#### Transcript L3 - Department of Physics & Astronomy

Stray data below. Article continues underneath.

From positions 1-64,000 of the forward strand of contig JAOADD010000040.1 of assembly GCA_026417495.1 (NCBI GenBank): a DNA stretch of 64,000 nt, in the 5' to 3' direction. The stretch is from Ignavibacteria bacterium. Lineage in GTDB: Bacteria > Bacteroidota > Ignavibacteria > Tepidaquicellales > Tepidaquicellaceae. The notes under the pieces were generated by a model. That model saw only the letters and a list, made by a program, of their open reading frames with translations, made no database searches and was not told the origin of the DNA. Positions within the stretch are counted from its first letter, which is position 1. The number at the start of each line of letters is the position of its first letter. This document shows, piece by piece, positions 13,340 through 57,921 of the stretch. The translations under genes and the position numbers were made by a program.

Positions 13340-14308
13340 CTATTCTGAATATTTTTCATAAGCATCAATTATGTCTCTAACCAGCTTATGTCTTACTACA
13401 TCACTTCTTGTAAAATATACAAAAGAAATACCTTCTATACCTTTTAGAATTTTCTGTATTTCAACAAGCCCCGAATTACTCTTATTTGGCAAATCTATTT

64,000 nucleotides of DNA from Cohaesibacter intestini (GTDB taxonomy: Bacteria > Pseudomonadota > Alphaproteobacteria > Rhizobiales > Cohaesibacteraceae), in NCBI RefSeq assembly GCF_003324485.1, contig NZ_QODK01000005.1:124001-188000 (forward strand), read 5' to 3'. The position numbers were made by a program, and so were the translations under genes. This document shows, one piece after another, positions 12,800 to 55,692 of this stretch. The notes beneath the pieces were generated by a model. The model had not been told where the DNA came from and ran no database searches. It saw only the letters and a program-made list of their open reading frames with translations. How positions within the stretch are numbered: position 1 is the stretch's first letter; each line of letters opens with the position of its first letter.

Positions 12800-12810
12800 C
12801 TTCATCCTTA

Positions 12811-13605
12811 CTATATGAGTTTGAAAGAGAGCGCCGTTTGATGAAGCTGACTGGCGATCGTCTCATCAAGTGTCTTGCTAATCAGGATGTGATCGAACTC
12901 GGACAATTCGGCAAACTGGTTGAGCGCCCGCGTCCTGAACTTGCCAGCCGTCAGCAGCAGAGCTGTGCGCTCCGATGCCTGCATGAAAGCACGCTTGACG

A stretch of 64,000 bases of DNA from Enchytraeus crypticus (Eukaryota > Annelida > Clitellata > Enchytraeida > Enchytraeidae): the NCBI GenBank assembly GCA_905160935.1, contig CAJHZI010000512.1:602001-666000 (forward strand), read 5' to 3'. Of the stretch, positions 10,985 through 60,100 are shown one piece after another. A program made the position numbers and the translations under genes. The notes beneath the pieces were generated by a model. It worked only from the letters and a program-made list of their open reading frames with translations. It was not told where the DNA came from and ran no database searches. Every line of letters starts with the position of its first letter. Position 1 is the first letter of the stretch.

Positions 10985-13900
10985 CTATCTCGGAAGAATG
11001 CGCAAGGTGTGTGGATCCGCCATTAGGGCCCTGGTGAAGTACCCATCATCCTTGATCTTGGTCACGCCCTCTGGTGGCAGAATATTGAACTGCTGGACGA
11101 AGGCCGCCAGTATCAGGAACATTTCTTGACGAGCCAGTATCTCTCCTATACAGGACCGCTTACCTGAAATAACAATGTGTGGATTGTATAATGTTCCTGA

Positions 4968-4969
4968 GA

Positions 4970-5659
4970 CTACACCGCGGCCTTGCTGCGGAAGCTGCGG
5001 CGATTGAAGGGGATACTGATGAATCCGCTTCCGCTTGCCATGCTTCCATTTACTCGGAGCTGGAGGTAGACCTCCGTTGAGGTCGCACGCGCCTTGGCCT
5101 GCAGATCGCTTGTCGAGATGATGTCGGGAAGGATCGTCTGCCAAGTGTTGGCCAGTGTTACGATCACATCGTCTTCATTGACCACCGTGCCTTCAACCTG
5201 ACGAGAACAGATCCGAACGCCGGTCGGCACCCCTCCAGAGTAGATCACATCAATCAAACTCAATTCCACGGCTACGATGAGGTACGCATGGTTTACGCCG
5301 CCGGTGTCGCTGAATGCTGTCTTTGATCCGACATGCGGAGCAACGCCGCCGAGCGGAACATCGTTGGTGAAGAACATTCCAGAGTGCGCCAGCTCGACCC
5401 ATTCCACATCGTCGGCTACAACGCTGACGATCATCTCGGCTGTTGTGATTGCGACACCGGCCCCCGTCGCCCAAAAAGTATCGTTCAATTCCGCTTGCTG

L-3 Review – inertia • Inertia the tendency of objects to resist changes in motion. – If an object is at rest, is stays at rest. – If an object is moving with constant velocity, it continues moving with constant velocity unless something stops it. • The inertia of an object is measured by its mass in kilograms (kg) – the quantity of matter in it. Forces can change velocity! • No force is required to keep an object moving with constant velocity. • What can change the velocity of an object ? FORCES • acceleration is a change in velocity • forces produce accelerations • for example- friction or air resistance The force of gravity • Today we will explore one force that can change the velocity of an object • GRAVITY • Everything that has mass is affected by gravity • It is the most common force we have to deal with – it’s what keeps us on earth and the Earth revolving around the Sun. Weight and gravity • All objects exert an attractive force on each other – Universal Law of Gravity • Your weight is the attractive force that the earth exerts on you- it’s what makes things fall! • All objects are pulled toward the center of the earth by gravity. • The sun’s gravity is what holds the solar system together. • It is a non-contact force no touching required! Newton’s Law of Gravity Sun Earth • The force of gravity depends on how large the masses are big M’s big force • How far apart they are, the closer the masses are the bigger the force • Since we are closer to the Earth than to the Sun, our gravitational force is mainly due to the Earth The sun is the most massive object in the solar system, about 3 million times the earth’s mass and 1000 times more massive than the most massive planet-Jupiter SUN Uranus Mars Mercury, Venus, Earth, Jupiter, Saturn, Pluto Neptune Astronomers have recently reclassified PLUTO as a dwarf planet. Pluto discovered in 1930 by Clyde Tombaugh of Streator, IL A little Astronomy • The planets revolve around the sun in approximately circular paths (Kepler) • The further the planet is from the sun the longer it takes to go around (Kepler) • The time to go around the sun is a year – the earth spins on its axis once every day – the moon revolves around the earth once every month What does your weight depend on? • The weight w of an object depends on its mass and the local strength of gravity- we call this g – the acceleration due to gravity • Weight points toward the earth’s center • Sometimes down is up! What is this thing called g? • g is something you often hear about, for example • You might hear that a fighter pilot experienced so many g’s when turning his jet plane. • g is the acceleration due to gravity. • When an object falls its speed increases as it descends • acceleration is the rate of change of velocity • g is the amount by which the speed of a falling object increases each second – about 10 meters per second each second (9.8 m/s/s = 9.8 m/s2, to be exact) Example – a falling object time velocity 0s 0 m/s + 10 m/s 1s 2s 10 m/s 20 m/s + 10 m/s + 10 m/s 3s 30 m/s 4s 40 m/s + 10 m/s 5s 50 m/s + 10 m/s Change in velocity, or acceleration 10 m/s/s or, 10 m/s2 Snapshots of falling ball taken at equal time intervals Ball starts falling here from rest How to calculate weight • Weight = mass x acceleration due to gravity • Or w=mxg (mass times g) • In this formula m is given in kilograms (kg) and g 10 meters per second per second (m/s2), then w comes out in force units – Newtons (N) Means approximately equal to example Question: What is the weight of a 100 kg object? Answer: w = m x g = 100 kg x 10 m/s2 = 1000 N • One Newton is equal to 0.225 pounds (lb), so in these common units 1000 N = 225 lb • Often weights are given by the equivalent mass in kilograms, we would say that a 225 lb man “weighs” 100 kg; this is commonly done but, strictly speaking, is not correct. You weigh more on Jupiter and less on the moon • The value of g depends on where you are, since it depends on the mass of the planet • On the moon g 1.6 m/s2 (1/6) g on earth, so your weight on the moon is only (1/6) your weight on earth (video) • On Jupiter, g 23 m/s2 2.3 g on earth, so on Jupiter you weigh 2.3 times what you weigh on earth • Your mass is the same everywhere! Get on the scale: How to weigh yourself spring force m weight mass Free Fall • Galileo showed that all objects (regardless of mass) fall to earth with the same acceleration g = 10 m/s2 • This is only true if we remove the effects of air resistance. demos • We can show this by dropping two very different objects inside a chamber that has the air removed. Galileo’s experiments Aluminum H Platinum • To test this we must drop two objects from the same height and measure the time they take to fall. • If H isn’t too big, then the effects of air resistance are minimized The two ball bearings have the same diameter, but the platinum ball has 8 times more mass than the aluminum ball On the other hand . . . • If you drop an object from a small height it falls so quickly that it is difficult to make an accurate measurement of the time • We can show experimentally that it takes less than half a second for a mass to fall 1 meter. (demo) • How did Galileo deal with this? Galileo made g smaller! inclined plane h D h g straight 10 m / s D 2 down g down ramp h g straight D down Can be made small by using a small h or big D What did Galileo learn from his inclined plane experiments? • He measured the time it took for different masses to fall down the inclined plane. • He found that different masses take the same time to fall down the inclined plane. • Since they all fall the same distance, he concluded that their accelerations must also be the same. • By using different distances he was able to discover the relation between time and distance. • How did Galileo deal with friction? How did Galileo measure the time? • Galileo either used his own pulse as a clock (he was trained to be a physician) • Or, a pendulum.